An Army lab at Fort Detrick said Tuesday it did not follow proper procedures last November when a researcher infected herself with the tularemia bacteria.
The researcher at the U.S. Army Medical Research Institute of Infectious Diseases was exposed to the bacteria between Nov. 13 and 17, and ... Read More
The U.S. Department of Agriculture recommends not washing raw poultry, beef, pork, lamb, or veal before cooking it. Chicken, too.
Bacteria in raw meat and poultry juices can be spread to other foods, utensils, and surfaces, the USDA says in its fact sheet "Washing Food: Do... Read More
Scientists are learning how our immune system senses and tracks down infection in the body by responding to chemical "scents" emitted by bacteria. Studying how immune cells manipulate their movement in response to external signals could shed light not only on how our immune system functions but ... Read More
Researchers are finding clever ways to explore nanotechnology for medical therapies. In a study published Thursday in the journal Immunity, researchers used a "nanovaccine" to reverse diabetes in mice with the disease.
Nanoparticles are spheres that are thousands of times smaller than any typ... Read More
Microbiology students who staged a rare campus protest at Montana State University are expressing gratitude after President Waded Cruzado approved a plan to save their department.
Microbiology, the study of microbes that affect health and the environment, lost a lot of strength several years ... Read More
Writer Chelsea Wald has authored an overview on what "open science" is and includes several quotes from people who actually practice it.
"History is replete with stories of scientists who hid their ideas from their competition; consider Leonardo da Vinci, whose odd backward writing may have b... Read More
A Today Show expose on the practice of major retailers who resell used under garments. This segment features a brief interview with a microbiologist who makes it clear what sort of dangers this practice can expose people to. Remember to always wash new clothes before you wear them. Click source ... Read More
Like many, in my pre-teen years I watched pro wrestling for it's entertainment value.
Years later I came across the tragic case of wrester Chris Benoit, who murdered his wife & young son before taking his own life. Rumors had it that the highly athletic & competitive Benoit experienced domes... Read More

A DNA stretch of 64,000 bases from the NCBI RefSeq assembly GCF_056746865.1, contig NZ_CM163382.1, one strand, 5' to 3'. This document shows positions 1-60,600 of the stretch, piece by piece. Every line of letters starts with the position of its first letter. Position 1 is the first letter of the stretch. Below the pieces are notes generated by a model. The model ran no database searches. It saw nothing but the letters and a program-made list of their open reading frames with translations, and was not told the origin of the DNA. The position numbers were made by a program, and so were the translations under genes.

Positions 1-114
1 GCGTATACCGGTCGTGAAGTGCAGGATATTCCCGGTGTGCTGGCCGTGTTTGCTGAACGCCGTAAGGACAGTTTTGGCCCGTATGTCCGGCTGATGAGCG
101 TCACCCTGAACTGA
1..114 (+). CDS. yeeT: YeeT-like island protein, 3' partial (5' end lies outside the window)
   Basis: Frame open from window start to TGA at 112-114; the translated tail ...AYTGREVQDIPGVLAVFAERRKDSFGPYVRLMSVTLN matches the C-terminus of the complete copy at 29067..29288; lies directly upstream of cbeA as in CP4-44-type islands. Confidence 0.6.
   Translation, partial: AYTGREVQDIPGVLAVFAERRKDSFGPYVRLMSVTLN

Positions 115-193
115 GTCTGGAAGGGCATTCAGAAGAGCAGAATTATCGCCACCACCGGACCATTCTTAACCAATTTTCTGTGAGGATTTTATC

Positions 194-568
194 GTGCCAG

A University of Alberta-led research team has discovered an influenza detector gene that could potentially prevent the transmission of the virus to humans.
Katharine Magor, a U of A associate professor of biology, has identified the genetic detector that allows ducks to live, unharmed, as the... Read More
Scientists have found proteins in egg whites that could be used to fight infections which cost the chicken industry billions of pounds each year.
Researchers from The Roslin Institute, at The University of Edinburgh, have discovered that these recently-identified proteins have properties that... Read More
The human body's immune system can quickly track down and kill cells that don't belong. Take certain kinds of bacteria: molecules on their surfaces flag them as foreign invaders, alerting the body's defenders to the breach and drawing a full-fledged attack on anything waving that molecular flag.... Read More
Avian influenza (H5N1) outbreaks in Europe during the winter of 2005-2006 occurred at the edge of cold weather fronts, according to researchers from Princeton University and the Erasmus Medical Centre, Rotterdam, the Netherlands.
Their results, published April 8 in the open-access journal PLo... Read More
Vincent and Dickson continue their discourse on tapeworms, covering the fish and dog varieties.
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The U.S. Food and Drug Administration said on Thursday it was reviewing the safety of triclosan, a widely used antibacterial agent found in soap, toothpaste and a range of other consumer products.
The agency stressed there are no grounds to recommend any changes in the use of triclosan but sa... Read More
A spaceflight will probe how cells remain healthy or succumb to disease, particularly in the face of stress or damage, in the first ever experiment of its kind.
On Monday, Arizona State University (ASU) Biodesign Institute researchers Cheryl Nickerson and her team, including Jennifer Barrila... Read More
THE world's largest known virus just got bigger, and analysis of its genome supports the controversial idea that giant viruses shaped the cells of all animals and plants.
Armed with almost 1000 genes, the mimivirus is a monster compared with classic viruses such as HIV or the flu virus, which... Read More
Andre Blackman (aka @mindofandre on Twitter and author of the Pulse + Signal blog) recently shared a presentation on Slide Share that reviews the CDC and the public health community's innovative use of soc... Read More
Americans love potatoes, consuming about 130 pounds per person annually. But it's a wonder the spuds even make it to the dinner table, given the many fungal diseases that attack the tuber crop -- powdery scab and black dot among them.
Now, five new potato breeding lines being tested by Agricu... Read More
Genetic engineering for the public good? No one's suggesting that, but researchers have found a way to genetically engineer the tick-borne bacteria that causes Lyme disease in humans so that it can't infect mice.
The discovery that might hold a key for how to develop a vaccine against the dev... Read More